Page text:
Great Teams: We are working day-to-day as a real team

Overwhelmingly NHS staff talked about the value of time to connect as a team to peer review decisions, to support each other, to learn and to adapt. The value of being part of a team you know, where you can build relationships and work together is critical for good quality care. This must stay. The production line model of working has to stop.

Being Professional: A huge increase in ‘professional’ working behaviour

Professional practice requires peer review, evidence based decision making, learning, scrutiny and collaboration to meet patient need. This has been lost or conceded as risk management and contracting for tasks dominated. Professionals described the joy of learning together, moving out from specialisms to collaborate, taking peer reviewed decisions with confidence. This must stay.

Decisions based on needs and what’s best with proactive planning for the future

Prevention is back on the agenda. Clinicians are moving out of the reactive mode and thinking proactively about their populations needs and how to meet them from anticipatory care plans to chronic disease management. Thinking together across the system about how to intervene earlier. This must stay.

Patients as Partners: Mutual decision-making and partnership with patients

A significant change has been where clinicians have moved into a new relationship with patients and carers – more mutual, more respectful and more understanding (both ways). Informed shared decision-making. This must stay.

Community connections, collaboration and support

As the NHS demonstrated its human vulnerability and reached out for help, communities were there. This rapid transformation of the NHS’s attitude to communities in the deficit model of ‘needy’ to the asset model of communities with resources has to stay.

And so we come to the evidence on high-performing health systems (Baker & Denis 2011). They all have these relational conditions, as well as access to great data to inform their decisions. We have seen that it’s possible for the NHS to do this too.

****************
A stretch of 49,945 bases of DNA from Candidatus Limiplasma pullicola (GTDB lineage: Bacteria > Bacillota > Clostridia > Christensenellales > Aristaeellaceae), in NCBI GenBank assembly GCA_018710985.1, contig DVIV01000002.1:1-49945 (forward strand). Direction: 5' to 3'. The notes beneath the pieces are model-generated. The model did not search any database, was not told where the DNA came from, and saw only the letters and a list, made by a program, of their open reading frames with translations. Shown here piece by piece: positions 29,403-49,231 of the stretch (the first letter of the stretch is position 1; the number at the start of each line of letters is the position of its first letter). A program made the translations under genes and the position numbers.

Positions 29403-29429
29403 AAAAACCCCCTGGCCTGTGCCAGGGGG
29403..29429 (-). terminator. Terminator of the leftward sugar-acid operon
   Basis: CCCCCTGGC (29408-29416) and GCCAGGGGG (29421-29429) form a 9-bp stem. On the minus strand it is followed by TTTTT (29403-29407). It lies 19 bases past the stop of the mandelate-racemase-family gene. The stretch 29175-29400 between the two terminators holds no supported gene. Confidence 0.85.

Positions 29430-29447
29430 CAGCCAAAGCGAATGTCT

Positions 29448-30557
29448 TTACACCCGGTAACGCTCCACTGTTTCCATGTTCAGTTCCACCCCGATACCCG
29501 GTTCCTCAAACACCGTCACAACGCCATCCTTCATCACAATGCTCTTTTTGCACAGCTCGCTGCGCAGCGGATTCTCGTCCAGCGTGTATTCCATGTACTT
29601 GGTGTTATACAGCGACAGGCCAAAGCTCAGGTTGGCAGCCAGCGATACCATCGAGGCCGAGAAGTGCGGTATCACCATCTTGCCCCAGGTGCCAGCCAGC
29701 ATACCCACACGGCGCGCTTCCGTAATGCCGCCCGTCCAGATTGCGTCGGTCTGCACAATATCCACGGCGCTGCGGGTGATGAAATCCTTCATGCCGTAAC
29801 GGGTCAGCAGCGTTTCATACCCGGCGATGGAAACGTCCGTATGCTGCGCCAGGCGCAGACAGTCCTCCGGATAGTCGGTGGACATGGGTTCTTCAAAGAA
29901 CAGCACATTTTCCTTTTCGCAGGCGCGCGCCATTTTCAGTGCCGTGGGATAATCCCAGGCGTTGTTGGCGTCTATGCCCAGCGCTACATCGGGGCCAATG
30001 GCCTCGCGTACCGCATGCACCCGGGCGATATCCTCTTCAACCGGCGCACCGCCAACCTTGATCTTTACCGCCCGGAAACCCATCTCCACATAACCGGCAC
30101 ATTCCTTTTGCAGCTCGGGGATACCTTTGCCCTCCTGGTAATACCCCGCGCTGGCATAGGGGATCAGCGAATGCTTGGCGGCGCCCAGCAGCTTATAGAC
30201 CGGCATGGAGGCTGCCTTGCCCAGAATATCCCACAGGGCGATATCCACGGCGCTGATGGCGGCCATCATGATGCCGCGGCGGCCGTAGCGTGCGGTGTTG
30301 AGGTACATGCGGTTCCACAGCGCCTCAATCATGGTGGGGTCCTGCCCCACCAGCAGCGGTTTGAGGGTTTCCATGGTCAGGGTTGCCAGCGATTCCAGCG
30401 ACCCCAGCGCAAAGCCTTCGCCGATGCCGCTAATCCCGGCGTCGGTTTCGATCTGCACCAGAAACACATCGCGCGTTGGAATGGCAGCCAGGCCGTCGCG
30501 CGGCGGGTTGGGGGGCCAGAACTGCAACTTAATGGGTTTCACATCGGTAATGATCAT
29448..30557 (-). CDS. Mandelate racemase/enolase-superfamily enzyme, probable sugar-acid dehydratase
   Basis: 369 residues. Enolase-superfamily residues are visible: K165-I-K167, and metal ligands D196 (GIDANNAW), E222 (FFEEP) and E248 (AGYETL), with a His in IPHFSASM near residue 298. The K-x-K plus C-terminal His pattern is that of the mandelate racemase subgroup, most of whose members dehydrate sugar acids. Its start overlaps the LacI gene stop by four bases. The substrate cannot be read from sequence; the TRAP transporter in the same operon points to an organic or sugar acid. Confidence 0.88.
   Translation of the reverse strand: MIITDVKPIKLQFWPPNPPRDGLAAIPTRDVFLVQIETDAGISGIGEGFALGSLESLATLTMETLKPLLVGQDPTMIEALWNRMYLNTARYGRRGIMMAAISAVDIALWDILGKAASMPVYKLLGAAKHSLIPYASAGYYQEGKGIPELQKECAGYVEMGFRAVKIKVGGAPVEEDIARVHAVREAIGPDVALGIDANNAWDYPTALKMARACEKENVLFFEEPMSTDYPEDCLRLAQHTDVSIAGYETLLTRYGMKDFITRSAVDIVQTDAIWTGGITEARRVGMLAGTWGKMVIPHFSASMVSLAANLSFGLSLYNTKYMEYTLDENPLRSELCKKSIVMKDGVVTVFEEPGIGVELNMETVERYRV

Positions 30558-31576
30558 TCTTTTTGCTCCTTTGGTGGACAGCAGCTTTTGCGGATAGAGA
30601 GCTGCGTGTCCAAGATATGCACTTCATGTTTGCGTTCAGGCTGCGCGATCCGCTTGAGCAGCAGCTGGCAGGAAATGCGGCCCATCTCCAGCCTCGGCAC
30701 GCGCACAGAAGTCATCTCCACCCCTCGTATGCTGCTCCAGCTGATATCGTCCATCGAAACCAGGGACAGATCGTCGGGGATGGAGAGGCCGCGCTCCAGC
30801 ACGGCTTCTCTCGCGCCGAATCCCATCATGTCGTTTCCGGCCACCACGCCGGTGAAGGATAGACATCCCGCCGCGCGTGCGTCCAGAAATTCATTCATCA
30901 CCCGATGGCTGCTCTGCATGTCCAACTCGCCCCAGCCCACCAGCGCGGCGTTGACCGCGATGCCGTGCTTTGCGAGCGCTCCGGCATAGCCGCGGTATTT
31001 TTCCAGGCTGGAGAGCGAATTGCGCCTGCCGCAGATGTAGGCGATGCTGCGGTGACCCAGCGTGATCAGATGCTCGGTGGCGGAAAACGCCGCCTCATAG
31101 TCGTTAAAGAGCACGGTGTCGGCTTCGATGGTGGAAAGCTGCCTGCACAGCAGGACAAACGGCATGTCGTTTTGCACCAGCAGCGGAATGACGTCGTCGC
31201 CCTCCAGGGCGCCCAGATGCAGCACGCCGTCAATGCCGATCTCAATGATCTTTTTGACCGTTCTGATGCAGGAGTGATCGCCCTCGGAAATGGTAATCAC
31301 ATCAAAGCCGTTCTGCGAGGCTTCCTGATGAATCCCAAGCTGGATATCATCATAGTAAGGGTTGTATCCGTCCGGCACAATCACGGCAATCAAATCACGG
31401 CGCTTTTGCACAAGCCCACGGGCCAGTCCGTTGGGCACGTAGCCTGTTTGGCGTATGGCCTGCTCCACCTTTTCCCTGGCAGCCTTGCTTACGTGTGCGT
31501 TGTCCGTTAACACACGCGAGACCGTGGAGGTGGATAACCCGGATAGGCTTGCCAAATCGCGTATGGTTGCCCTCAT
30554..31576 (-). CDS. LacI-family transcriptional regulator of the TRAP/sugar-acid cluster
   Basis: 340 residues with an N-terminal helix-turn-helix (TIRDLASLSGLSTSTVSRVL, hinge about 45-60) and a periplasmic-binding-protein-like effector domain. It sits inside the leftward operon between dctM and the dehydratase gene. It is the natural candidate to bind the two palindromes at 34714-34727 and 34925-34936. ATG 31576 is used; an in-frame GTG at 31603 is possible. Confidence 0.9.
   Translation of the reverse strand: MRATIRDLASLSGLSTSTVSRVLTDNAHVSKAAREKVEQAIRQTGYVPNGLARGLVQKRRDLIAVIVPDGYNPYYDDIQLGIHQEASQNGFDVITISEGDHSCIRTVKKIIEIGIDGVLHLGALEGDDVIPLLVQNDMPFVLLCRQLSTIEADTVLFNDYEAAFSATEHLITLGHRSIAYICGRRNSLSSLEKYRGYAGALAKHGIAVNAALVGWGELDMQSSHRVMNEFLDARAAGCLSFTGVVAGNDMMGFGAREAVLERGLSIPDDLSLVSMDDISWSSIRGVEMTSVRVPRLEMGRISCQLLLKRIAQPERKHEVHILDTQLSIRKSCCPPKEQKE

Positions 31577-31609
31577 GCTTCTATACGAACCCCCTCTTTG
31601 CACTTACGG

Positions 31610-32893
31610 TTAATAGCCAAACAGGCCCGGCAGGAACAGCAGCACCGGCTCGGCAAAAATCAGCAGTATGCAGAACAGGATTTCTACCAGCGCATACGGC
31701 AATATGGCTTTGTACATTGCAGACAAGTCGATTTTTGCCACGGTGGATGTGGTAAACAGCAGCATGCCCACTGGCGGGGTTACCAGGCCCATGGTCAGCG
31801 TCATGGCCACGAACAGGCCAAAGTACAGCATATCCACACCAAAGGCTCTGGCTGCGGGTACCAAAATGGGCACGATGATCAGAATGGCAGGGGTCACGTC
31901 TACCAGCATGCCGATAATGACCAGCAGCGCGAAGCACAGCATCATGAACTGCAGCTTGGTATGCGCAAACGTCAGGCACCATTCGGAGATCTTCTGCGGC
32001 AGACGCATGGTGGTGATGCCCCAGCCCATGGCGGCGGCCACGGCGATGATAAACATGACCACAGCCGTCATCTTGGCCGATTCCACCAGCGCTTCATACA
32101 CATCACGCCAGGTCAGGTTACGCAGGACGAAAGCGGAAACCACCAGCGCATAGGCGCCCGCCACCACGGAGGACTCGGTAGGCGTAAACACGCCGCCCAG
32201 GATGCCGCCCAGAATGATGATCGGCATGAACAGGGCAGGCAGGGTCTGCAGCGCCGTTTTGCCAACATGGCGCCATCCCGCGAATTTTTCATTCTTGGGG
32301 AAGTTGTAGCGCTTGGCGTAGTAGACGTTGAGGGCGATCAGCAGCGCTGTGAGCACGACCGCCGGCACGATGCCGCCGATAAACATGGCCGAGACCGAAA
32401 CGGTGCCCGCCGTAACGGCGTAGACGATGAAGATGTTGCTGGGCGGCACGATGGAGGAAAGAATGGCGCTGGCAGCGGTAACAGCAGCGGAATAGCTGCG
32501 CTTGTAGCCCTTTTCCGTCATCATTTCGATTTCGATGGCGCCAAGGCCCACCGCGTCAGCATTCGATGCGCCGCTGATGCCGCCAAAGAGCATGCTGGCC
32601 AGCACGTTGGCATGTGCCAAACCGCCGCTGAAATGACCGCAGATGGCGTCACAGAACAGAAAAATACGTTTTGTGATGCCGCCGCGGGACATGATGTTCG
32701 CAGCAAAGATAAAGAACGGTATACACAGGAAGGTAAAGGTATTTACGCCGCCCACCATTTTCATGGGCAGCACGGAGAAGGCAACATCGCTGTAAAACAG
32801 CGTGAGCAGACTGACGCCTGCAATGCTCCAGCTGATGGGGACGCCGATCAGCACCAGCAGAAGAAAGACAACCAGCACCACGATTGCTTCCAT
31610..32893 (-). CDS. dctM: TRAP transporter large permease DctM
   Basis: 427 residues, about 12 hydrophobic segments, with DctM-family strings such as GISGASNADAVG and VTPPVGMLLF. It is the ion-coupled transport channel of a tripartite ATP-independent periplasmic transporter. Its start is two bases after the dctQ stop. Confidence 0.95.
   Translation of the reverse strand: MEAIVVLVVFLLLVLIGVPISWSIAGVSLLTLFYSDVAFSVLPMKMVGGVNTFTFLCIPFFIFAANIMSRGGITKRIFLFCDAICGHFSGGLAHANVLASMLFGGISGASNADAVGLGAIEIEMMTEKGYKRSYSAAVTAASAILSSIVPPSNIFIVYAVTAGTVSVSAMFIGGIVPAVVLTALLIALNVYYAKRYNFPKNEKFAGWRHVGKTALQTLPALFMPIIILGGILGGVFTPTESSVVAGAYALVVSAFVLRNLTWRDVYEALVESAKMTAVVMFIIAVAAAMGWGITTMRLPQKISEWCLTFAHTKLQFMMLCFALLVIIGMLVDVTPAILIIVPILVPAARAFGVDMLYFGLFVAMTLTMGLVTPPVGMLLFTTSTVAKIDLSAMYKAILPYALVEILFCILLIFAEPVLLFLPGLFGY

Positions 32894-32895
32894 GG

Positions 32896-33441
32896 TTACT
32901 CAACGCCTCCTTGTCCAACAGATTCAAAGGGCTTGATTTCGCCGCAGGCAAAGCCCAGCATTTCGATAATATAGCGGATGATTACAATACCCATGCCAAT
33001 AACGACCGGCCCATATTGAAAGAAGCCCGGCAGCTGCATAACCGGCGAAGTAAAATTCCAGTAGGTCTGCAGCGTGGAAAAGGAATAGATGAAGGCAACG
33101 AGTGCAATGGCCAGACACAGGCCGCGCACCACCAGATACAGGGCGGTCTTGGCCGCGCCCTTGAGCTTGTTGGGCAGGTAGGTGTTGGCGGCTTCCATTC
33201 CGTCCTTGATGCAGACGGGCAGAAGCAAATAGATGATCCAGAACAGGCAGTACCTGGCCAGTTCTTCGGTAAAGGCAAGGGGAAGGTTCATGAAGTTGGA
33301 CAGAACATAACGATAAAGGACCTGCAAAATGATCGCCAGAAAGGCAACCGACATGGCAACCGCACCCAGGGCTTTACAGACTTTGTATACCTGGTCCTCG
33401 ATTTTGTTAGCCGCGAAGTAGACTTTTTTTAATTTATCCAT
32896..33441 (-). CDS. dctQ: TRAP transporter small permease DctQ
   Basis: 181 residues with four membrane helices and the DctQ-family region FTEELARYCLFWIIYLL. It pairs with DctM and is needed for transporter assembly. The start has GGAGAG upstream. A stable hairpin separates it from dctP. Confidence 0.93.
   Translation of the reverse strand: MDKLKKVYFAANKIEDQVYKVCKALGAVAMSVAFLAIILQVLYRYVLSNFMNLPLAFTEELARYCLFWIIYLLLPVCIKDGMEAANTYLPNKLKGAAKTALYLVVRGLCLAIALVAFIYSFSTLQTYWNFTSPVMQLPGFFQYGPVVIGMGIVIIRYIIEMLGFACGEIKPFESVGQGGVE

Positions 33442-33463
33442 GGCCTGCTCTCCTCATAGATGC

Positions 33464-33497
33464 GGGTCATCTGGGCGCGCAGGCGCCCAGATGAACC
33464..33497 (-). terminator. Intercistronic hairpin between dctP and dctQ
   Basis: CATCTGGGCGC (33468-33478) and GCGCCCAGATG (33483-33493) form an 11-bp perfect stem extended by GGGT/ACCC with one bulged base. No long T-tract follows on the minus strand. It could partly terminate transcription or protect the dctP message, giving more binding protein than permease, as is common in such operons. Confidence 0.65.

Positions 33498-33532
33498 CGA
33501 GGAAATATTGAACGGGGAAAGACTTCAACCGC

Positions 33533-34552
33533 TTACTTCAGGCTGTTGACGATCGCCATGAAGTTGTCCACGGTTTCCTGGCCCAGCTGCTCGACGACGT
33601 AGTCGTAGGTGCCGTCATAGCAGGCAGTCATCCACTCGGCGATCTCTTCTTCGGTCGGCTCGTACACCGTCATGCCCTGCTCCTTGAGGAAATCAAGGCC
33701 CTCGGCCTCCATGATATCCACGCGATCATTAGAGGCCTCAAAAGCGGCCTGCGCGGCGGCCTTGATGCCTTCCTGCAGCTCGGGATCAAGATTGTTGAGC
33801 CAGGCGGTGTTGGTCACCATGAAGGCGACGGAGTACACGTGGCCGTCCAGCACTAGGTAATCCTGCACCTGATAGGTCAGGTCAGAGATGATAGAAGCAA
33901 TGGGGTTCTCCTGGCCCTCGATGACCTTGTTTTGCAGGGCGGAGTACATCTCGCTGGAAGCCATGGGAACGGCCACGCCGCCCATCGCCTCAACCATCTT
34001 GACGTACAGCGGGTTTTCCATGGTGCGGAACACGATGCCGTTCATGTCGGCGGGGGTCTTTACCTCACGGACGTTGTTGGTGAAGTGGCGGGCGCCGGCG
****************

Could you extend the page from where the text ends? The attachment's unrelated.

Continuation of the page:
We also asked what NHS staff thought should never be repeated. This is what they said:

Already the old world is biting back, the culture of the NHS beurocracy, power which resides in the hierarchy, the resistance to local devolution, is already back using transactional contracting methods. The NHS that has experienced first hand the power of being a real quality system can choose that future by paying attention to these relationships and conditions; or it can react like Pavlov’s dog to the bait of contracting. Choose relationships, Choose networks, Choose systems, Choose collaboration, Choose professional responsibility, Choose to be proactive and make the new NHS.

You can contribute your experience and views by taking part in the survey here

FOOTNOTE: These are conditions that I set out in 2016 (The Old World Bites Back) – suggesting that by 2020 health and care would be collaborating to meet population health need with systems leadership that invested in data and people, with a clear purpose in partnership with people and communities. The NHS has not managed to do it (as I predicted) by project management. It would be wrong to re-write the story of Covid and credit the current ‘transformation’ to command and control management for the crisis.

Survey Respondents:

Reference

Baker, GR., Denis, JL. (2011) A Comparative Study of Three Transformative Healthcare Systems: Lessons for Canada. Canadian Foundation for Healthcare Improvement.

* With thanks to Myron Rogers for the quote -whose interview on Leading through the Pandemic you can see here

Leading Through the Pandemic: Lessons for the NHS

Prof Becky Malby interviews thought leaders to inform and guide NHS leaders through the current context.

Interview 7: Tania Eber – The Power of Self Managed Teams. Lessons from Buurtzorg